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Building a Life of Purpose and Self-Direction
On my long and continually growing list of books to read, I finally tackled one this fall that has been at or near the top of every “must-read” book list among artists and academics I follow. The Seven Habits of Highly Effective People (by Stephen R. Covey) is a book title that would not necessarily appeal to me at first glance. I have no desire to be a highly effective and productive pawn in a corporate setting in which my exhaustive efforts inflate the coffers of millionaire CEOs. That dynamic is not for me, but thankfully, this book goes much deeper than that.
It has valuable kernels of wisdom that resonate with my own thinking and learning over the years. I have become so enamored of it that I have taken a slow and deep dive through its pages. In the time it would have taken me to read four or five books in the last month and half, I have been gently reflecting on each chapter, taking notes, and journaling about the book’s ideas. I am actually not done reading it as of this posting, but it has one particular idea that I wanted to share.
The concept of a mission statement as a way to guide a set of goals or programs is not new to many businesses and organizations, but its origins actually grow out of crafting a mission statement for oneself exclusively.
The book insists that the contents of a personal mission statement not be based on a person, place, or thing, but rather on a set of values and principles. For example, someone might say that the core of their lives is their family and everything centers around their relationships with family members. Someone else might say that their job is the grounding force in their lives, and its ups and downs dictate the mood and flow of their every day. While one’s family and job can certainly be important, contextualizing your entire life within those specific and singular realms does not necessarily reflect the evolving and complex person that you genuinely are.
Using a set of principles you choose for yourself allows you to define who you want to be across all aspects of your life. They will apply toward your friends, family, community, spirituality, love life, and any valuable relationship, and unlike the US Constitution, the bible, or other dogma, your personal mission statement can change whenever necessary and at any time.
So, why is this valuable?
I want to look back at my life someday and feel satisfied by how I treated people and what I did with every precious second of this all-too-brief life I have been given. Molding a set of guiding principles for myself allows me to steer my ship and set my specific course despite the numerous obstacles in life that are outside my control.
My own personal mission statement, which I wrote as a result of Covey’s book, currently fills up one page of the 5X8 inch notebook I use to capture anything I want to regularly reflect upon.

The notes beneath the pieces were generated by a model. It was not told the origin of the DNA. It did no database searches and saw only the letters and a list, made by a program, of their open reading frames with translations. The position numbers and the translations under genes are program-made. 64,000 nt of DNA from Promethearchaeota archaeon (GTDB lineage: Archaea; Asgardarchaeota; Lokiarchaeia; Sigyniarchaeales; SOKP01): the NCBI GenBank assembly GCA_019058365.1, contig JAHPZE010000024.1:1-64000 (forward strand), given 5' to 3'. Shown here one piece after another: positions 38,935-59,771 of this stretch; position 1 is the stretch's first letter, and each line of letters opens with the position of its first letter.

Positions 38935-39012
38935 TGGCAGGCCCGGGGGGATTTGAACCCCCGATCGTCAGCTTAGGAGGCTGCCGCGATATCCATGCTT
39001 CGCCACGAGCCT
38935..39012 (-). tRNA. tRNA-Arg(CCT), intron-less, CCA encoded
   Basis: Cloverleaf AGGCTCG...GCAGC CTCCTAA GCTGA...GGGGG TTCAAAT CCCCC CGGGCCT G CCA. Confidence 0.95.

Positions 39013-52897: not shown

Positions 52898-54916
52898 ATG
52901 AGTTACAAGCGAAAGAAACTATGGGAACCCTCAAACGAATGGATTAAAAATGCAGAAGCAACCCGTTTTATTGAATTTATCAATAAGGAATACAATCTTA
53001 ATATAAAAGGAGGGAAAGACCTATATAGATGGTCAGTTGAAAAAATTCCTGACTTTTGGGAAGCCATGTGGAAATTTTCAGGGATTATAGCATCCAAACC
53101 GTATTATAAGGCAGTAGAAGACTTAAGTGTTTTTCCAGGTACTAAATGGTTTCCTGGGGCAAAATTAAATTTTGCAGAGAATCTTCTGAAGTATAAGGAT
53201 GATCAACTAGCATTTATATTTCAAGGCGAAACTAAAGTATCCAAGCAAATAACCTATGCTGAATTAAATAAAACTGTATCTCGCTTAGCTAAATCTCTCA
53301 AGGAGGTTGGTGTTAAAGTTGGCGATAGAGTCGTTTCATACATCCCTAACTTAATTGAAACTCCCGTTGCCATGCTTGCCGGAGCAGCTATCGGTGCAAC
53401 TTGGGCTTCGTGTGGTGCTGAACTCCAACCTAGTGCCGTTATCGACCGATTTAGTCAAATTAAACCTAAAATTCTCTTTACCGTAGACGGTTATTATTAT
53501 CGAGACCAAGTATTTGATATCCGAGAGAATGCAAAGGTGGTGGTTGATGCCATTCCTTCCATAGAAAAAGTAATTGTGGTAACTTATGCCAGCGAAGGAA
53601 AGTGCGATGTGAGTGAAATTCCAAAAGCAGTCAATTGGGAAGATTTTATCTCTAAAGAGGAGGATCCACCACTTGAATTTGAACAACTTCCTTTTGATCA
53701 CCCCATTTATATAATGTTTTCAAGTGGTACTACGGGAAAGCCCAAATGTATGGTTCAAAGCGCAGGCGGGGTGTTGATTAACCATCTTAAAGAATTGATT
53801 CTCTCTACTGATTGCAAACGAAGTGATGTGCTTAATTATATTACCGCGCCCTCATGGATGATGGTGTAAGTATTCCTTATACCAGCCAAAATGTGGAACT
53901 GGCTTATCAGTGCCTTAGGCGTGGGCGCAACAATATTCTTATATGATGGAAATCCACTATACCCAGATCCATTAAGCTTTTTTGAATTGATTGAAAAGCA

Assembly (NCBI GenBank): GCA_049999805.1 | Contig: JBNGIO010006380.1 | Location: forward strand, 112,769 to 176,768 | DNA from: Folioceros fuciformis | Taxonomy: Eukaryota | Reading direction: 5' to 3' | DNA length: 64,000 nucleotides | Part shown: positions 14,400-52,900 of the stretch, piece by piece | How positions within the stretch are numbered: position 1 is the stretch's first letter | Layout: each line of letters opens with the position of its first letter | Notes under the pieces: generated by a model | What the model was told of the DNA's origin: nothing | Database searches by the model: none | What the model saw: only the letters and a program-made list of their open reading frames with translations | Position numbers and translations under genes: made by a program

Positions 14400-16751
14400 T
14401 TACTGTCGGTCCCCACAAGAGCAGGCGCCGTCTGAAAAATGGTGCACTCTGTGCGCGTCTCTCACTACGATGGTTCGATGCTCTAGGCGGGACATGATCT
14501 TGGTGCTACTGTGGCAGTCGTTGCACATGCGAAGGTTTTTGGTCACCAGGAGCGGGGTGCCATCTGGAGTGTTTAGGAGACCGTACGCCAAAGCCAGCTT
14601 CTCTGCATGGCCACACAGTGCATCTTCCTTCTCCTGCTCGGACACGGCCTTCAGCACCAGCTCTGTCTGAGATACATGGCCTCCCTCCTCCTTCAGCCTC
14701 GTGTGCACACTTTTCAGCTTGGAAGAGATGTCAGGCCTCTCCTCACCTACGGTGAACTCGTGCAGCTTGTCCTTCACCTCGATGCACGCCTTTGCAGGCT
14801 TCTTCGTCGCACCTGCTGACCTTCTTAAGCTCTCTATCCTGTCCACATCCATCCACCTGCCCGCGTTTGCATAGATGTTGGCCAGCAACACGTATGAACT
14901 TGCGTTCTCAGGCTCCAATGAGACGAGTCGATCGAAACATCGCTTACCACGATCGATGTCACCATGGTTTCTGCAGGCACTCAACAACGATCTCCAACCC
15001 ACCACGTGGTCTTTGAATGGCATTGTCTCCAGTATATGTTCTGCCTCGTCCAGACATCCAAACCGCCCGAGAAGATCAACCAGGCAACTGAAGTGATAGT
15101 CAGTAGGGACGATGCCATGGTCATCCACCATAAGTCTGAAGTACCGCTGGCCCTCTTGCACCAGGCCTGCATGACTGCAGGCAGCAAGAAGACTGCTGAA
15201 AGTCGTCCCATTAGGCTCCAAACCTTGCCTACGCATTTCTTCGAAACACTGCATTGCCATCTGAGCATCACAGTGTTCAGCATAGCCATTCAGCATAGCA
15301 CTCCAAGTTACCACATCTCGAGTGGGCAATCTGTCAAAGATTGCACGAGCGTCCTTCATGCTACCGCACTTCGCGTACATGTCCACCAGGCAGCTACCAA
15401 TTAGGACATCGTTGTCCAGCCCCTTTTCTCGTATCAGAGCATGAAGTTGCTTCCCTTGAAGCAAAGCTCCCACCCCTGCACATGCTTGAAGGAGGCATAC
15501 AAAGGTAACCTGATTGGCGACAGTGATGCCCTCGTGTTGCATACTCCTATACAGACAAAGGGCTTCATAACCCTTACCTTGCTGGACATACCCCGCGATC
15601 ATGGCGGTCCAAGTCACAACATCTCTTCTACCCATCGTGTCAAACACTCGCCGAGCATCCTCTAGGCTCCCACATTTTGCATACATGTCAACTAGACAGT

Here are some, but not all, of the principles that currently guide my life:
I will listen more than I speak.
I will prioritize rest, self-care, and good nutrition.
I will fight distraction with artistic creation, personal reflection, and meditation.
I will lead with generosity and kindness toward all animals and people.
Every morning, part of my daily ritual is to read my personal mission statement. This often feels like hitting a reset button for my brain. All the aggravations from the previous day diminish, and I am nudged back on course.
I have to say that this has felt good to me. In concrete and no uncertain terms, my behavior and decisions become more fully aligned with what I value and the kind of person I want to be in every different realm of my life.
To be fair, I understand that crafting a personal mission statement may not appeal to or work for everyone, but even if you did it once as a thought experiment, you might be surprised by what you come up with.
What do you value?
What do you want to prioritize for yourself exclusively?
How do you want to interact with others?
How do you want to be remembered?
What impact do you want to make in your family, friends, and community?
There are no limits to what you can address. These guiding principles can be encapsulated in one sentence or several. All of it is entirely malleable and subject to your discretion.
I invite you to give it a try. Write something down and see what unfolds. You may never look at what you write ever again, but in the moment, if you get even a modicum of clarity, then it is surely worthwhile.
P.S. For those of you who live in the greater Nashville area or in Sarasota, Florida, here are my upcoming shows:
12/03/2023: the French House in Nashville, TN (w/ special guest Josephine)
12/10/2023: Piano Sessions at Aviva in Sarasota, FL
Please mark your calendars and come out to a show!
This past Wednesday night, MaxZine and I went to an artist talk by our friend Bill Steber at Middle Tennessee State University. He is a fellow musician and an accomplished photographer who worked for many years at the Tennesseean in that capacity. This talk was part of a career retrospective centered around an exhibit of his photographs of blues musicians living in the Deep South (Mississippi and Louisiana, among other places). The body of work on display was truly impressive and clearly borne out of a genuine love of blues music and culture. The photos are simply stunning and capture an era in America’s cultural history that is unique and unparalleled. I was happy to hear Bill talk and give him a hug afterward. It is not often that I get to see how someone built a monument in one’s life. He has so many rich and inspiring tales to tell.
Check out Bill’s exhibit here: https://www.baldwinphotogallery.com/copy-of-exhibitions.
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